The Nuclear Debate: FDP and Union – Four Reasons Why You’re Wrong

Extend terms
Dear FDP and Union: Four Reasons Why Discussing Nuclear Energy Actually Doesn’t Make sense

The nuclear power plant in Lingen is one of three reactors still operating in Germany.

© Ina Fassbender / AFP

Everything has already been said about this for a long time, but the FDP and the Federation are once again working to extend the life of nuclear energy. There are at least four good reasons why the debate makes no sense.

The FDP remains stubborn and, despite resistance in the ruling coalition, insists on talking about extending the life of nuclear power plants. Even the Liberal’s energy policy spokesman, Michael Cruz, suggested holding a “nuclear energy summit”. On the same day, the report came from Japan that four former Tepco directors, and the operators of the damaged Fukushima nuclear power plant, were ordered to pay the equivalent of 94.6 billion euros in damages. Nuclear power is always expensive – in normal operation and especially when accidents occur.

Even nuclear power plant operators don’t want that anymore

At the end of the year, the three furnaces Emsland, Isar 2 and Neckarwestheim 2 still in operation will be removed from the network. That was decided eleven years ago, and even energy companies as owners are no longer interested in “going back to this risky and expensive technology,” as the president of the Federal Energy and Water Management Association, Kirsten Andrea, said. Emsland reactor operator said on request star: ‘RWE considers that the obstacles to a reasonable extended operation are significant.’ In other words: no one in Germany is interested in sticking to nuclear power.

Interestingly, it is the FDP and the Union, who also support nuclear energy, who now accuse the co-ruling Greens of behaving “ideologically” on the issue of extending service life. The actual ideology is to stick to a technology that nothing technical, economic or political is talking about. And depending on which way you look at it, the environment and the climate don’t benefit much, As evidenced by looking at a few numbers and myths (which varies with coverage, sources and distributors).

Can nuclear power plants continue to operate beyond the planned end?

Better not. It is possible to continue operating the factories at a lower level, but that will only help for a short time. One of the problems with this is the lack of staff, which is simply no longer planned. Above all, the fuel rods in the reactors are running out. RWE wrote: “Our Emsland power plant in Lingen is scheduled to be phased out at the end of the year [2022, d. Red.] Accordingly, we have also optimized fuel usage for this date. New fuel elements must be manufactured individually for each plant. And in our experience, it usually takes 12 to 24 months to buy new fuel items.”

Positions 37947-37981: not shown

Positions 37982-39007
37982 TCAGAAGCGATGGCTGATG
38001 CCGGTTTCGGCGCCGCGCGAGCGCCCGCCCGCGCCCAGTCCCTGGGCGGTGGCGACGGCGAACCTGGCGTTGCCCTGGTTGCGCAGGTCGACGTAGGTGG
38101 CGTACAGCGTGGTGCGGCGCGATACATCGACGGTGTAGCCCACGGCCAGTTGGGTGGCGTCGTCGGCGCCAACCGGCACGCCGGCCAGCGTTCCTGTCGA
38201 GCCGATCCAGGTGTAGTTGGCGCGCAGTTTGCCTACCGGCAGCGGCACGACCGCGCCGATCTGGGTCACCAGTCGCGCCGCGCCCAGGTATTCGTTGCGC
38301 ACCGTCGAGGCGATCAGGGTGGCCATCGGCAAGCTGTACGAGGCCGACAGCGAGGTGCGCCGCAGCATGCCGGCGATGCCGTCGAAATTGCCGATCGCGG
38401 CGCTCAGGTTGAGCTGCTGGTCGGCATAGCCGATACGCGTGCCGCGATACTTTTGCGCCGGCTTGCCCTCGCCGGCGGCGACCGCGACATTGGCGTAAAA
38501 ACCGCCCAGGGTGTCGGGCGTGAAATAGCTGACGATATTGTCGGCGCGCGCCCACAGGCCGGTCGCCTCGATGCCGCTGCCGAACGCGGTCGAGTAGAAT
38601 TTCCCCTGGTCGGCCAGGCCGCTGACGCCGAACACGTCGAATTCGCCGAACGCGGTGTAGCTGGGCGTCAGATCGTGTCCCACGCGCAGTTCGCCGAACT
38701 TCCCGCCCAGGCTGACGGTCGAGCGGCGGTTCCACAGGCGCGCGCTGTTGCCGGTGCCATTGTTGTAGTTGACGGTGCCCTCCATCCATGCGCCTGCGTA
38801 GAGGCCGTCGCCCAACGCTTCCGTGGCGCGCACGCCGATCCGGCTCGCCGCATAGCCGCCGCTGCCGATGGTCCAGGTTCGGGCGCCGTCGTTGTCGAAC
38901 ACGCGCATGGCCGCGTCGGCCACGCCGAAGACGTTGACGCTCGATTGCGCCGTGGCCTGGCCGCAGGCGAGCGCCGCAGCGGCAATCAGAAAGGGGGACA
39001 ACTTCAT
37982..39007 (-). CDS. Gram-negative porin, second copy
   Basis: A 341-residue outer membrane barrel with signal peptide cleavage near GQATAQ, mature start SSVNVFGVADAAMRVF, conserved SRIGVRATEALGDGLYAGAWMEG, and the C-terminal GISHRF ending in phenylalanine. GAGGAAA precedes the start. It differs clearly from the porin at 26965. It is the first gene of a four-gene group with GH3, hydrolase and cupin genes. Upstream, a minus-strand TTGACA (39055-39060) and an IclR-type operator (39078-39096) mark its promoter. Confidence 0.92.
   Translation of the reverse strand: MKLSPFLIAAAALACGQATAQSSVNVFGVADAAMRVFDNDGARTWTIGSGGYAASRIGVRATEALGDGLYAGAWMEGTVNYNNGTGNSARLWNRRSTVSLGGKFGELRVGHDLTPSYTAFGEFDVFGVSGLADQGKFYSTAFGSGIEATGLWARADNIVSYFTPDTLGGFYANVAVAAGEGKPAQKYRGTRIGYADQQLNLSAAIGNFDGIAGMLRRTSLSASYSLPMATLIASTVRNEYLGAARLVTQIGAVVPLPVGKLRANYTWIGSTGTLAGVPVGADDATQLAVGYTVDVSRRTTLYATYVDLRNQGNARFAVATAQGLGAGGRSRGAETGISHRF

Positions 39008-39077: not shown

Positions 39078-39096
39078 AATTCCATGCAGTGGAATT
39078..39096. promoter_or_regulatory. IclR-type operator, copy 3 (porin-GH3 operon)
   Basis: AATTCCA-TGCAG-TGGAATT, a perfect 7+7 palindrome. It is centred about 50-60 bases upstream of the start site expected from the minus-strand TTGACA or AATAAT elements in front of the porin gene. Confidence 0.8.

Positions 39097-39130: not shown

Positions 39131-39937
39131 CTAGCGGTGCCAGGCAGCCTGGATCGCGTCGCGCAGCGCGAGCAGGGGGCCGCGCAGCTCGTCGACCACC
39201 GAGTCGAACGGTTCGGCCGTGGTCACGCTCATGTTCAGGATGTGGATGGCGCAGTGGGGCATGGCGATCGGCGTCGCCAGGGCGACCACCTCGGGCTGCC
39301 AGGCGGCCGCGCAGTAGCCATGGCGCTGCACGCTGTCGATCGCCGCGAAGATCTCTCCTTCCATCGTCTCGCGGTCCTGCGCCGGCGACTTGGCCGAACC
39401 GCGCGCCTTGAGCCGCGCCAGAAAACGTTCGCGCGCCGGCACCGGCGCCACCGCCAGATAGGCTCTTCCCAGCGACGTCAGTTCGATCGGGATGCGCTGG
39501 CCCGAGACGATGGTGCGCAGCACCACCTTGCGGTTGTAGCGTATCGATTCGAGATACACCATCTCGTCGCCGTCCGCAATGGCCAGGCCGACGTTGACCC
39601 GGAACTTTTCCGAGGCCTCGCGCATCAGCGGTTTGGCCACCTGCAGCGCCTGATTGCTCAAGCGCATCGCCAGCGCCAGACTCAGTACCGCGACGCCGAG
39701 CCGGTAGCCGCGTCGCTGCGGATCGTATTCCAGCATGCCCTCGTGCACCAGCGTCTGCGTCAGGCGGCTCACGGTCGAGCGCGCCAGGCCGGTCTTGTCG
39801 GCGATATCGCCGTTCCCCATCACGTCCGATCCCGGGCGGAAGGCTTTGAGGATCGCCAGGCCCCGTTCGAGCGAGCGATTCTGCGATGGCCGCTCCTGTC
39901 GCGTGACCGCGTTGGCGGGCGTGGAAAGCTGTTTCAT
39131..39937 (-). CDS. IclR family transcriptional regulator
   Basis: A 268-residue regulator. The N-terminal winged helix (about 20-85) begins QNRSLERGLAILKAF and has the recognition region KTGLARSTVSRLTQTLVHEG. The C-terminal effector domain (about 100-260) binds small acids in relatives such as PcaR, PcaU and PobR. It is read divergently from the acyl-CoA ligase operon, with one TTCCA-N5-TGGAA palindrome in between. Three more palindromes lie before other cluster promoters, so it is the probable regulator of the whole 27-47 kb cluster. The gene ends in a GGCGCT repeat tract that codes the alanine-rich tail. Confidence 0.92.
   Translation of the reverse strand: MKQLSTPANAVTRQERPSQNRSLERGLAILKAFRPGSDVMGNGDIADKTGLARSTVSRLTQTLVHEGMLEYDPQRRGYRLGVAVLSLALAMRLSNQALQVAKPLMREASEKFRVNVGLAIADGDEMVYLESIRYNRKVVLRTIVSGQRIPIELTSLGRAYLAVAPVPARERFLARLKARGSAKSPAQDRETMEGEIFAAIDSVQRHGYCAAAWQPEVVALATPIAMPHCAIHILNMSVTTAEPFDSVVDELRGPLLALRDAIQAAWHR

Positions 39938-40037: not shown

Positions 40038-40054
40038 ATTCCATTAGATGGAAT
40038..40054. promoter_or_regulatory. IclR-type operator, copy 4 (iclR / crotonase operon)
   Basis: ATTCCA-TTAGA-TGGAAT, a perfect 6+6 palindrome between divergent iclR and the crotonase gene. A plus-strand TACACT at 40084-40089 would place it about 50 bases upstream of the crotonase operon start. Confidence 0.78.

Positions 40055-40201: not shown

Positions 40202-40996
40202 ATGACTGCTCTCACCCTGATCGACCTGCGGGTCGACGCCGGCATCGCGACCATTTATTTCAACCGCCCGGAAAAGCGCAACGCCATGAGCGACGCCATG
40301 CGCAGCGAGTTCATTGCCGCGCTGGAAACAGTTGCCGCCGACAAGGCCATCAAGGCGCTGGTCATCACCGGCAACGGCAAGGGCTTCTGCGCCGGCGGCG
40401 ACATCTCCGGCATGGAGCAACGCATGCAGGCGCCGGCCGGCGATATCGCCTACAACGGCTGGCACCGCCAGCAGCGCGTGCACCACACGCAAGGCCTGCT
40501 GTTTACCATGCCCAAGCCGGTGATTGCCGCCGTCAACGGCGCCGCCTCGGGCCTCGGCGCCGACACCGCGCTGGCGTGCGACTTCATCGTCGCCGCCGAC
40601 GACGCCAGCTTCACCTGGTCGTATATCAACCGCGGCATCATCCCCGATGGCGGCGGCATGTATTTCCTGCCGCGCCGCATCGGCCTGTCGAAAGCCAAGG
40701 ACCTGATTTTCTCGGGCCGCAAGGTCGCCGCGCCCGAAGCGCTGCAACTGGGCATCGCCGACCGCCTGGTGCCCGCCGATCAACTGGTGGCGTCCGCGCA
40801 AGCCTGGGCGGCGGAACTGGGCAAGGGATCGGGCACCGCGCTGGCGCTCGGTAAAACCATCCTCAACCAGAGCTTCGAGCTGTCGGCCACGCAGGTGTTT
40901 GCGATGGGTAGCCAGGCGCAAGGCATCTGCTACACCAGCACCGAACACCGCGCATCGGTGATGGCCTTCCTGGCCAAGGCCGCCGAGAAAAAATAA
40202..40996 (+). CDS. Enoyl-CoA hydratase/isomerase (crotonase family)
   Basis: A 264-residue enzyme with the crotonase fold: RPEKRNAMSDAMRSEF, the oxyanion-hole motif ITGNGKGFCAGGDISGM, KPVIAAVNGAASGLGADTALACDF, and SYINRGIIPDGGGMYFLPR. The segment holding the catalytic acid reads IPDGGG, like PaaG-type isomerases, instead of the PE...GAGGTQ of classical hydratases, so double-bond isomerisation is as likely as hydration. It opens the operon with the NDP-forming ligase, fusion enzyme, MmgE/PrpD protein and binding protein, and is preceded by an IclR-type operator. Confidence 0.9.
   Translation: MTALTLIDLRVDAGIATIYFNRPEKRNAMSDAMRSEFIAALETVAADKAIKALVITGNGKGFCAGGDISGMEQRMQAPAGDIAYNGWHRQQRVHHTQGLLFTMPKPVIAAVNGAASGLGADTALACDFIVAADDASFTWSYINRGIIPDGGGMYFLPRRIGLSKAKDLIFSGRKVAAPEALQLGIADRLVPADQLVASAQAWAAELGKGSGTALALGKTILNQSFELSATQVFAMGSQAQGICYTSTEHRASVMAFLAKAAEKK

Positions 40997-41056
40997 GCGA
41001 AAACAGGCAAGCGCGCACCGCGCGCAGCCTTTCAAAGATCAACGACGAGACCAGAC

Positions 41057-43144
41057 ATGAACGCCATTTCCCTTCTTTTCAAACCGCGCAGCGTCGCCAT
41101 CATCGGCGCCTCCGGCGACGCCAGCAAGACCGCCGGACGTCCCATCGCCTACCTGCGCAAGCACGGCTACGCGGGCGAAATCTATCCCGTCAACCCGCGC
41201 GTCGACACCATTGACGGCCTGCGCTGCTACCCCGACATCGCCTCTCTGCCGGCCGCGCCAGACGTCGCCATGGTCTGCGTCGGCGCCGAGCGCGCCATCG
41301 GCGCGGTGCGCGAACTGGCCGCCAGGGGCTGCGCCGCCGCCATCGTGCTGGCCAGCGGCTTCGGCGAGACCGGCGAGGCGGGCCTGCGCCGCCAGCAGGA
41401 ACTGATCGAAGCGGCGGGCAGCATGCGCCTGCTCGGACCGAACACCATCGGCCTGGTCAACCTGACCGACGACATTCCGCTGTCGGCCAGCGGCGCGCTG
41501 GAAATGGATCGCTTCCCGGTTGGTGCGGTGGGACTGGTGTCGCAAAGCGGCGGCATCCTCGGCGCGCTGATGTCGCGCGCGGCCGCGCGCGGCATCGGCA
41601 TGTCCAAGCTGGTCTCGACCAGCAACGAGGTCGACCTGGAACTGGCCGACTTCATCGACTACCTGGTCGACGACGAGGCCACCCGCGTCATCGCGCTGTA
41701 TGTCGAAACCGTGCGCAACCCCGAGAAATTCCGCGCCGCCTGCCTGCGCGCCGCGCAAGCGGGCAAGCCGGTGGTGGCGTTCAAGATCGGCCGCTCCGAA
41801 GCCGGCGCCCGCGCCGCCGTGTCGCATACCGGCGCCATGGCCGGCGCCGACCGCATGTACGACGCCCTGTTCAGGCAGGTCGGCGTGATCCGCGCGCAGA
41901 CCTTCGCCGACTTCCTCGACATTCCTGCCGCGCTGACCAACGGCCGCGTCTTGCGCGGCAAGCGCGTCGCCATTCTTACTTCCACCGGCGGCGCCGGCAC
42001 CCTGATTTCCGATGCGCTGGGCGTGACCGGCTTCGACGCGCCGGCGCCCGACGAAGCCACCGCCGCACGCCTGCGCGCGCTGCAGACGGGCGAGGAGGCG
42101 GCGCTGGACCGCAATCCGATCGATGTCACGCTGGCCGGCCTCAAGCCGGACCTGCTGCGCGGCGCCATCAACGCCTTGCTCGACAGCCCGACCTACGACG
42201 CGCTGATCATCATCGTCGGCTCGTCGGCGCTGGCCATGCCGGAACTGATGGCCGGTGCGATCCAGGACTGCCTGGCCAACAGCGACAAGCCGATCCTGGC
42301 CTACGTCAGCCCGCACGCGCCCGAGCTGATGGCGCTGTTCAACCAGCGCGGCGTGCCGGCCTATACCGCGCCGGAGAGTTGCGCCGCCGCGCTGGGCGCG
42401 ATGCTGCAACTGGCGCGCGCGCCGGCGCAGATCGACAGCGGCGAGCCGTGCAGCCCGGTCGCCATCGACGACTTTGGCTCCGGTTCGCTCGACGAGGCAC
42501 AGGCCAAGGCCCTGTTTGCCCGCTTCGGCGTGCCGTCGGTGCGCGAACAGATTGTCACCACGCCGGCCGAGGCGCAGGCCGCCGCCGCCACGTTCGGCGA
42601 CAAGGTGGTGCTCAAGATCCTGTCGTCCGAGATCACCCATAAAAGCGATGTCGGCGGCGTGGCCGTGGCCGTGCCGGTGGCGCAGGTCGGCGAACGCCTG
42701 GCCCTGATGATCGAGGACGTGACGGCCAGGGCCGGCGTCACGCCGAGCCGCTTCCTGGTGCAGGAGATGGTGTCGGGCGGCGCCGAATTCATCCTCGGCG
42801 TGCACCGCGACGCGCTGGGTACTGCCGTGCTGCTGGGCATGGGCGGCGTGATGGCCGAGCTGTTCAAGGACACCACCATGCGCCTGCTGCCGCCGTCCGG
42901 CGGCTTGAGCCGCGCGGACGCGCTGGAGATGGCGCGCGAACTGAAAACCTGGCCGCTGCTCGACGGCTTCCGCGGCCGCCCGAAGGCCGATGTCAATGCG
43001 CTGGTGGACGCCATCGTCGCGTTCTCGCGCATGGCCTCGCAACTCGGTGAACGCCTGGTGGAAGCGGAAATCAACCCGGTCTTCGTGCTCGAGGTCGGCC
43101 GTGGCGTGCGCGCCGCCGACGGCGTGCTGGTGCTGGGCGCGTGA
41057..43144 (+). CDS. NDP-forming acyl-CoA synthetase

Is nuclear energy carbon dioxide neutral?

No. There are different data on carbon dioxide emissions from nuclear power plants. According to the Intergovernmental Panel on Climate Change (IPCC) Climate Panel, they emit between 3.7 and 110 grams of greenhouse gases corresponding to carbon dioxide per kilowatt-hour – depending on whether you include the entire life cycle of a power plant in the calculation – that is, by what In that construction and dismantling – or just pure operation – is included, which also includes the production and transportation of uranium. The potential amount is probably in the range of 12-31 grams, and with these values, nuclear energy is in a better position to produce fossil energy, but it is by no means at the level of renewables.

Is nuclear power good enough to replace gas?

At most indirectly. First, nuclear power plants generate electricity, not heat. Therefore, it is not a substitute for lost gas deliveries. However, about twelve percent of natural gas is used to generate electricity. Therefore, the argument is that this gas could be saved if nuclear power plants generated power instead. However, the majority of this gas generation goes to combined heating and power plants and to industrial or decentralized heating and power plants. However, this reduces the possibility of saving gas in thermal power plants.

Is nuclear power cheap?

This is true only as long as the construction and maintenance of power plants is subsidized by the state. The process is only feasible if there are significant tax breaks and subsidies for the complex construction (and dismantling) of a nuclear reactor and its maintenance (such as the disposal of nuclear waste). It is estimated that Germany has supported nuclear power plant operators with about 187 billion euros over the past 40 years. This does not include potential accident costs. Liability insurance will only pay a maximum of €2.5 billion in damages. According to the Ecological and Social Market Economic Forum, a kilowatt-hour of nuclear power actually costs about 42 cents. Comparison: Wind power is about 8 cents.

Even if one generously ignores one or more of these objections, the debate about extending the term remains “completely illogical,” said SPD leader Saskia Eskin. As Chancellor Olaf Schultz sees it, there is “no requirement to be able to devote more to this question”.

Sources: DPA, AFP, BUND, Deutsche Welle, Deutschlandfunk, RWE, Destatis, “Spiegel”

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